“Getting out into the field” means leaving the book-lined study to work with scientists, engineers and decision makers on specific social challenges. Rather than going into the public square in order to collect data for understanding traditional philosophic problems like the old chestnut of “free will,” as experimental philosophers do, field philosophers start out in the world. Rather than seeking to identify general philosophic principles, they begin with the problems of non-philosophers, drawing out specific, underappreciated, philosophic dimensions of societal problems...Field philosophy, then, moves in a different direction than either traditional applied philosophy or the new experimental philosophy. Whereas these approaches are top-down in orientation, beginning in theory and hoping to apply a theoretical construct to a problem, field philosophy is bottom-up, beginning with the needs of stakeholders and drawing out philosophical insights after the work is completed.I think this helps highlight where the Bahá’í world has been moving in recent years. Gone are the days when Bahá’í "scholars" could content themselves with having an encyclopedic knowledge of Bahá’í teachings and history without extensive engagement with the wider society. And those serving actively in the field are discouraged from limiting themselves to simplistic activities, such as handing out pamphlets or walking in a parade. Service now requires a great deal more thought and effort. And intellectual pursuits inspired by the Baha'i faith are becoming more and more mobile and “embedded” in patterns of community action.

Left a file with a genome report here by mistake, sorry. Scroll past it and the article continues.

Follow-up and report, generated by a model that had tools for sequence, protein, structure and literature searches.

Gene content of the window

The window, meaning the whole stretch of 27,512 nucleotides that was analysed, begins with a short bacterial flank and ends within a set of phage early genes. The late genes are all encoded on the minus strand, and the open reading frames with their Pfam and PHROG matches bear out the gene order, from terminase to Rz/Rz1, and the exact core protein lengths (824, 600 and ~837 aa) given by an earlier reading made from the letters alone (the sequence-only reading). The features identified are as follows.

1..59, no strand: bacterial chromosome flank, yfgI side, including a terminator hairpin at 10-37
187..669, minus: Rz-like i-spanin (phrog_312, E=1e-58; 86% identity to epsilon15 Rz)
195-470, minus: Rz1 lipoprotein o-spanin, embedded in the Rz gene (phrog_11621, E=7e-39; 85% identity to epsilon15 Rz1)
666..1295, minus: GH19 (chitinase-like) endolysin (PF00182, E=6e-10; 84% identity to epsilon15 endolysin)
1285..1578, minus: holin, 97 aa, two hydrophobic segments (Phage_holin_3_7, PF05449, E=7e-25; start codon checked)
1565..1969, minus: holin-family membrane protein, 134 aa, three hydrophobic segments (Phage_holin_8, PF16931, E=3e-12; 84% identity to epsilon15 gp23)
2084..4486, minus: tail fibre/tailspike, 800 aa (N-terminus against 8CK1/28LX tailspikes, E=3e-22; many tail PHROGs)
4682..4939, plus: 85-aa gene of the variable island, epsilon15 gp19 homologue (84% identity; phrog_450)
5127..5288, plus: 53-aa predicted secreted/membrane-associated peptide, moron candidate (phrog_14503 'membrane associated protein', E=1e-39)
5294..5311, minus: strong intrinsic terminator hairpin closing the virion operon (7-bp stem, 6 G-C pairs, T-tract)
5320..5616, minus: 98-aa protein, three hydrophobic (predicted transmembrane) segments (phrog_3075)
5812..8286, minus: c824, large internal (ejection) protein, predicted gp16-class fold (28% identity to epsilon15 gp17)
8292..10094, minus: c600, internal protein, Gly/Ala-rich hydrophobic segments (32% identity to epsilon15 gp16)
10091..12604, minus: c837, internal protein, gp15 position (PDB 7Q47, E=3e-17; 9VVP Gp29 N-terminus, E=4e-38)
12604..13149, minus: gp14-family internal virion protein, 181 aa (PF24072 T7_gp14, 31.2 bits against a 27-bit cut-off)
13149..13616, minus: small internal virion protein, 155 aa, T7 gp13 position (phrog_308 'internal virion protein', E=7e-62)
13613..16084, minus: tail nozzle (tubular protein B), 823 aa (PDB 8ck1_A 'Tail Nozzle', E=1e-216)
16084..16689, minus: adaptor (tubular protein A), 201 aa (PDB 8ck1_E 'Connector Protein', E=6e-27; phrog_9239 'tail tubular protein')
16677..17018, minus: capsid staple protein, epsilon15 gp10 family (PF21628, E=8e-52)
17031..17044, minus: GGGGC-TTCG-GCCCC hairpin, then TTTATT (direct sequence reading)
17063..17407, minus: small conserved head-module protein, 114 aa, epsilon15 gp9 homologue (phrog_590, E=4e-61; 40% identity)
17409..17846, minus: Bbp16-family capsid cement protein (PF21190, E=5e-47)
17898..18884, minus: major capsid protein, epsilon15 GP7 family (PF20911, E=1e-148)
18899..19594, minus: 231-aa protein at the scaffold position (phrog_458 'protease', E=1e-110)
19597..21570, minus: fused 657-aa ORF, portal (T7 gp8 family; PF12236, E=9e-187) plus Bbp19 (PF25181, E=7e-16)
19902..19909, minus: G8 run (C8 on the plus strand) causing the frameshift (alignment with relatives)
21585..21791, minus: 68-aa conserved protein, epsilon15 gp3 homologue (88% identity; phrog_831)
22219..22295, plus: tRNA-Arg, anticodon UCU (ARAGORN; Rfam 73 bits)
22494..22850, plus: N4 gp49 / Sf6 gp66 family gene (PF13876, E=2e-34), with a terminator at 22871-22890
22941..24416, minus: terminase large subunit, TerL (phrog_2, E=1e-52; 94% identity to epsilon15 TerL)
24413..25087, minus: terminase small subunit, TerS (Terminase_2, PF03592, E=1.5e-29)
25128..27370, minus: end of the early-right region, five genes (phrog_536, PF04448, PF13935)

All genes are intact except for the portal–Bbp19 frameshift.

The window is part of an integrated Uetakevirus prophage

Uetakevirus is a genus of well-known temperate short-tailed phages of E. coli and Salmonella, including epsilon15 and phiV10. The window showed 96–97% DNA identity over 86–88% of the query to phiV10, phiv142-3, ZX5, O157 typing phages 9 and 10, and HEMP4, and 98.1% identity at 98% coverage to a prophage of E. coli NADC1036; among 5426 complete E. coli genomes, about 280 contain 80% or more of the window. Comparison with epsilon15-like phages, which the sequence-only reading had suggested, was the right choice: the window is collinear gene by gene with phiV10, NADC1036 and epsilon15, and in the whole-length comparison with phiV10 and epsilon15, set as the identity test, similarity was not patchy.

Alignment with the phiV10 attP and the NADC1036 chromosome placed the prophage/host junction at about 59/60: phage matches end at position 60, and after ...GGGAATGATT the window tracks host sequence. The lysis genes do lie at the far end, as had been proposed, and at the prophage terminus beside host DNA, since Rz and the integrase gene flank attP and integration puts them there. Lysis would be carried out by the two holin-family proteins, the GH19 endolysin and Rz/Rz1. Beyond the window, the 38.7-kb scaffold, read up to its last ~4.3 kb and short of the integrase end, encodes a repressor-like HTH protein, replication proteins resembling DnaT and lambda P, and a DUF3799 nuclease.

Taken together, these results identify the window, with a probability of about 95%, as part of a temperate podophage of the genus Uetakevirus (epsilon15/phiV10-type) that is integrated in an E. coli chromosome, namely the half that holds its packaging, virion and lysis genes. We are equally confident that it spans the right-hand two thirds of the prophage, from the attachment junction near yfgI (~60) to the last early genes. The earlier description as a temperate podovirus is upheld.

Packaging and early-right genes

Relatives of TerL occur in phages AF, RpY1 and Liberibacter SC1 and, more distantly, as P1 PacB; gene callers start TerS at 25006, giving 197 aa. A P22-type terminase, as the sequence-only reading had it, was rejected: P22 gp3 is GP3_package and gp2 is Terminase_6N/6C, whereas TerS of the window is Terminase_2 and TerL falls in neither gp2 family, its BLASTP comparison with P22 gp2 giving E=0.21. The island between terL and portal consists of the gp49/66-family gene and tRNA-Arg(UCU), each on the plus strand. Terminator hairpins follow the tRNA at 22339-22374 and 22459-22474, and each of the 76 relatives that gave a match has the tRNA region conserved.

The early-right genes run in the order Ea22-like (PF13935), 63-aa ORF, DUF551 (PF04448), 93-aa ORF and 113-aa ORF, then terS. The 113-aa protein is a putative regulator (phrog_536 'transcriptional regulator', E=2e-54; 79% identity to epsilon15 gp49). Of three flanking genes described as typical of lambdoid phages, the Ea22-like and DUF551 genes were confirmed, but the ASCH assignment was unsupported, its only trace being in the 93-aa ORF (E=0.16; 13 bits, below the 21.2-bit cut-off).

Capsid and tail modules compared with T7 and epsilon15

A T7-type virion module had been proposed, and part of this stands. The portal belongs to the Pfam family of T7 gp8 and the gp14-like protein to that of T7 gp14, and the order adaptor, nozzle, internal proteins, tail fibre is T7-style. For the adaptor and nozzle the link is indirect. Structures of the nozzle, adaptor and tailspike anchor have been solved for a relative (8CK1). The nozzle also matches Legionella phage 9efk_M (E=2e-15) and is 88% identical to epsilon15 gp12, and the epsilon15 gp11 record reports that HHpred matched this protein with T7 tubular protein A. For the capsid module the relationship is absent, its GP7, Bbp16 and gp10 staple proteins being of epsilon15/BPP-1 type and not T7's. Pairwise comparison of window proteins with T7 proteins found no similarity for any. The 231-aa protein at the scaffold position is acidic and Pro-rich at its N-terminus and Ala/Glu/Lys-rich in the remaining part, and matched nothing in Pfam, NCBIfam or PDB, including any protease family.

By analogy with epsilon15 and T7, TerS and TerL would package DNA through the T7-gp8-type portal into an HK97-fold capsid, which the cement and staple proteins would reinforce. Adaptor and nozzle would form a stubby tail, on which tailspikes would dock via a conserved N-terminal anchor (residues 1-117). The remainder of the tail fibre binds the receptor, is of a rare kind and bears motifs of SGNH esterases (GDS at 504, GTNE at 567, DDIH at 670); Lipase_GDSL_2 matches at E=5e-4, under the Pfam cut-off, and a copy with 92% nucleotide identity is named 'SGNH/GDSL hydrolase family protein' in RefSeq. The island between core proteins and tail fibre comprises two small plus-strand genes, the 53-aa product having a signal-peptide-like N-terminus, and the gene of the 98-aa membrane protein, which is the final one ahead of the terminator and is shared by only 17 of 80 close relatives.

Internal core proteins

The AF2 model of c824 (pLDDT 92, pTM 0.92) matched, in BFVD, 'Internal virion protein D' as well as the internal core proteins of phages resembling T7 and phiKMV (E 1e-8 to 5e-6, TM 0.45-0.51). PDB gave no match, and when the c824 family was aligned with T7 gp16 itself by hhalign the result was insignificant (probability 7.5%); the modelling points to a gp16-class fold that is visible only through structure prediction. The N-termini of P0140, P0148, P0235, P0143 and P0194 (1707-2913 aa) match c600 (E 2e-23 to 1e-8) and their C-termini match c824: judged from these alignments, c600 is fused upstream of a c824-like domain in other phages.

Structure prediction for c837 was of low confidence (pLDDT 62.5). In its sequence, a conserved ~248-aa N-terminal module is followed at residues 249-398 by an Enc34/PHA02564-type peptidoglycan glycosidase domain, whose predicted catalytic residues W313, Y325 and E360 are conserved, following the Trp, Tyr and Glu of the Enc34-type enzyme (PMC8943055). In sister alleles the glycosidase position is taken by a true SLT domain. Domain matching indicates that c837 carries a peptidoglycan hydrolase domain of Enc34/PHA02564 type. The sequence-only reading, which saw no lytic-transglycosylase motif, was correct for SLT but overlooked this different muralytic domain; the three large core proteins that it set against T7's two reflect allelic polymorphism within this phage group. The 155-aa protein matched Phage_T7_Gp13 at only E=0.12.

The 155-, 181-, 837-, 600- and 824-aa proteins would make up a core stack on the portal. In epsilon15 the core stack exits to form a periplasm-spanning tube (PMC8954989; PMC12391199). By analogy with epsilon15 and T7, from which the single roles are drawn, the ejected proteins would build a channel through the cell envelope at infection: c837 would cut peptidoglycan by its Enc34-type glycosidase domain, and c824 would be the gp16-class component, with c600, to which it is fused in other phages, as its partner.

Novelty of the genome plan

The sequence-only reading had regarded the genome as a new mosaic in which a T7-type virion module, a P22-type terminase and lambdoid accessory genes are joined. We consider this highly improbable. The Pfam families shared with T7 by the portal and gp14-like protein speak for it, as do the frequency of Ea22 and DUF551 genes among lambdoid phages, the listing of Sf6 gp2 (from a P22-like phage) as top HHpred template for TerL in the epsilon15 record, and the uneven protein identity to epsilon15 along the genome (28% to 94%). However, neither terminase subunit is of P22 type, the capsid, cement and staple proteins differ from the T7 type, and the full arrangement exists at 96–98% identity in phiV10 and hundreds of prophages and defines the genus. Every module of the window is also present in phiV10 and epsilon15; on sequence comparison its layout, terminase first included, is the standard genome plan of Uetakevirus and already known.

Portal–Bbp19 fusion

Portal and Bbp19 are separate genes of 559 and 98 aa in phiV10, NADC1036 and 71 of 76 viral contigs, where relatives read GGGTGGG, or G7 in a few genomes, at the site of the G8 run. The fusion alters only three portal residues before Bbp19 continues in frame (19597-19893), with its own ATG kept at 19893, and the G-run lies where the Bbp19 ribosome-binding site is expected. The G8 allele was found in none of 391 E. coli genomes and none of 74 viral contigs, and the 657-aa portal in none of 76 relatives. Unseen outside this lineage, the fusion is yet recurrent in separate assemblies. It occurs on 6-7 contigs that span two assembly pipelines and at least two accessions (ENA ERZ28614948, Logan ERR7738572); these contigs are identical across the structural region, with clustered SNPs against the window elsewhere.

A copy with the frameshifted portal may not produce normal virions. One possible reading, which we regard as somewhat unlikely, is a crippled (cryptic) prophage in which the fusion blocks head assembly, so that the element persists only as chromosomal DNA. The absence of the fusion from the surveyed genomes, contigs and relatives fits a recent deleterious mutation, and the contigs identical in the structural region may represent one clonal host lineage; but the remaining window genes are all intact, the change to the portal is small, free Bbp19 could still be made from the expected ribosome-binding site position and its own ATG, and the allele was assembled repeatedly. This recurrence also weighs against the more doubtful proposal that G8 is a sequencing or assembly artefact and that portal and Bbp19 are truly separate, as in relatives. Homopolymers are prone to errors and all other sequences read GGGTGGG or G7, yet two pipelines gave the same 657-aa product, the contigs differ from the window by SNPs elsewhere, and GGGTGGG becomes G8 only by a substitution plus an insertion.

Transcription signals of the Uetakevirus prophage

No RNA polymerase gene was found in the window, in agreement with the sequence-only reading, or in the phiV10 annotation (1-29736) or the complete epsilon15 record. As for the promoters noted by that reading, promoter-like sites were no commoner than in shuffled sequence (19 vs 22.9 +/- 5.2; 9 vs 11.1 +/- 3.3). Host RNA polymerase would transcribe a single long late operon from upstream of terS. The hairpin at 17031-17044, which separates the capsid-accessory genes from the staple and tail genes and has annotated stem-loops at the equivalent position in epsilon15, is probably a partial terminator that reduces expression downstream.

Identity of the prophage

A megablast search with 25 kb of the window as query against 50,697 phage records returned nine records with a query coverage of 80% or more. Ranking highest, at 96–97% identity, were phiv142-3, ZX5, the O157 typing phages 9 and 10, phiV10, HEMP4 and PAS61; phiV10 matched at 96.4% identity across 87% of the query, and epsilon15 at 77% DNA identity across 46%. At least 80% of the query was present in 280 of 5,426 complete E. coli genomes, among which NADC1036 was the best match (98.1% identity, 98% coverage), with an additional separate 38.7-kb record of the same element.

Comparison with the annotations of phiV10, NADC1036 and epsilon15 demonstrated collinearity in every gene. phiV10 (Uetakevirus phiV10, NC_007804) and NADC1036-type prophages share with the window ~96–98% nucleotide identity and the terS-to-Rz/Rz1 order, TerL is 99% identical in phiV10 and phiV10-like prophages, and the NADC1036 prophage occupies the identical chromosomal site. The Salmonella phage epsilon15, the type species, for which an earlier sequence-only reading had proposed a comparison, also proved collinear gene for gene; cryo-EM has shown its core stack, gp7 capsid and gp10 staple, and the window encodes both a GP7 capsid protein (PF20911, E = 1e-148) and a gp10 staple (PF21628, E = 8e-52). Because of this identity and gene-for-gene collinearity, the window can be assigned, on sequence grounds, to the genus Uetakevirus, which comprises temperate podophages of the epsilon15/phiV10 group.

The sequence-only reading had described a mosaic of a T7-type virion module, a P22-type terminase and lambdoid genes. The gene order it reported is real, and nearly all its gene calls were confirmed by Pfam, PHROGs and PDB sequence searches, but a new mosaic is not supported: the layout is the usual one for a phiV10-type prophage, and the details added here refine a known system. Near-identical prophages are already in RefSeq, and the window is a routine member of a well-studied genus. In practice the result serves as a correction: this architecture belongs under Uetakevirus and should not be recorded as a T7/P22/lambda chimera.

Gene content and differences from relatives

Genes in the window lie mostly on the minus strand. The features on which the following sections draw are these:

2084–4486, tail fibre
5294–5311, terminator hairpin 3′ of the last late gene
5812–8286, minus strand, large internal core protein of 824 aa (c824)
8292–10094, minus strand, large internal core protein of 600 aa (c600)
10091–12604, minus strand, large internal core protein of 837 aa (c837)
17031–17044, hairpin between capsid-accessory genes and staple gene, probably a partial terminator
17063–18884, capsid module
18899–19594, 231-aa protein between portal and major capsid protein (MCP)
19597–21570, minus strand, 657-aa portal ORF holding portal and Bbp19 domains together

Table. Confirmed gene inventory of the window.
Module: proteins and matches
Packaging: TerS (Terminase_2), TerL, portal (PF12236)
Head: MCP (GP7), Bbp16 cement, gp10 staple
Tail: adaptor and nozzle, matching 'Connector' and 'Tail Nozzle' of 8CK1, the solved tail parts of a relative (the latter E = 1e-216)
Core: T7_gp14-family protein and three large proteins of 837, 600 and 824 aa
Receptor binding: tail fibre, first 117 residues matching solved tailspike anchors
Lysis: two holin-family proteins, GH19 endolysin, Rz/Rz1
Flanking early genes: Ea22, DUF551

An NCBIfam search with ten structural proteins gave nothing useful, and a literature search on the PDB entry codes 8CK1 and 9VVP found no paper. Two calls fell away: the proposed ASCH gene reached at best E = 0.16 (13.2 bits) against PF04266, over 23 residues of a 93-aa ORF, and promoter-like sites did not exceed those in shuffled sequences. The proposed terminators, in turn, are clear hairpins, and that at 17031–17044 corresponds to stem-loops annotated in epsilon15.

The junior youth spiritual empowerment program is perhaps the best example of this. A successful junior youth group is one that stimulates on-going dialogue among early adolescents around topics such as justice, beauty, love, education, prosperity, and others— and then engages them in service and artistic projects aimed at transforming society. Between the junior youth program and field philosophy we see two complementary movements. One is of philosophy extending its efforts to embrace the community. The other is of service extending its efforts to embrace philosophy.
Taken together, and each acting from its own pole, we see an enactment in practice of what philosophers have been talking about since at least Nietzsche—the systematic de-emphasis of a whole series of false dichotomies: mind/body, thinking/acting, theoretical/practical and others.
Interesting post. Paul Lample remarks on the question of the role of scholars in the Baha'i community in a talk given at the 2008 Association for Baha'i Studies conference:ReplyDelete
"Perhaps the learned Bahá’í is more like the “scout” who helps to guide an expedition on a journey into unexplored territory. This is someone who participates actively in the journey, but whose specialized knowledge, skills, and experience informs various aspects of the struggle to make progress: constructive perspectives into the past, present, and future; insight and technical capacity for ongoing study of the text; problem posing and problem solving; the defining of culture and intercultural relations. On this journey, the learned individual/scout does not have authority, and, while making a vital contribution, like any other participant is fallible and learns over time."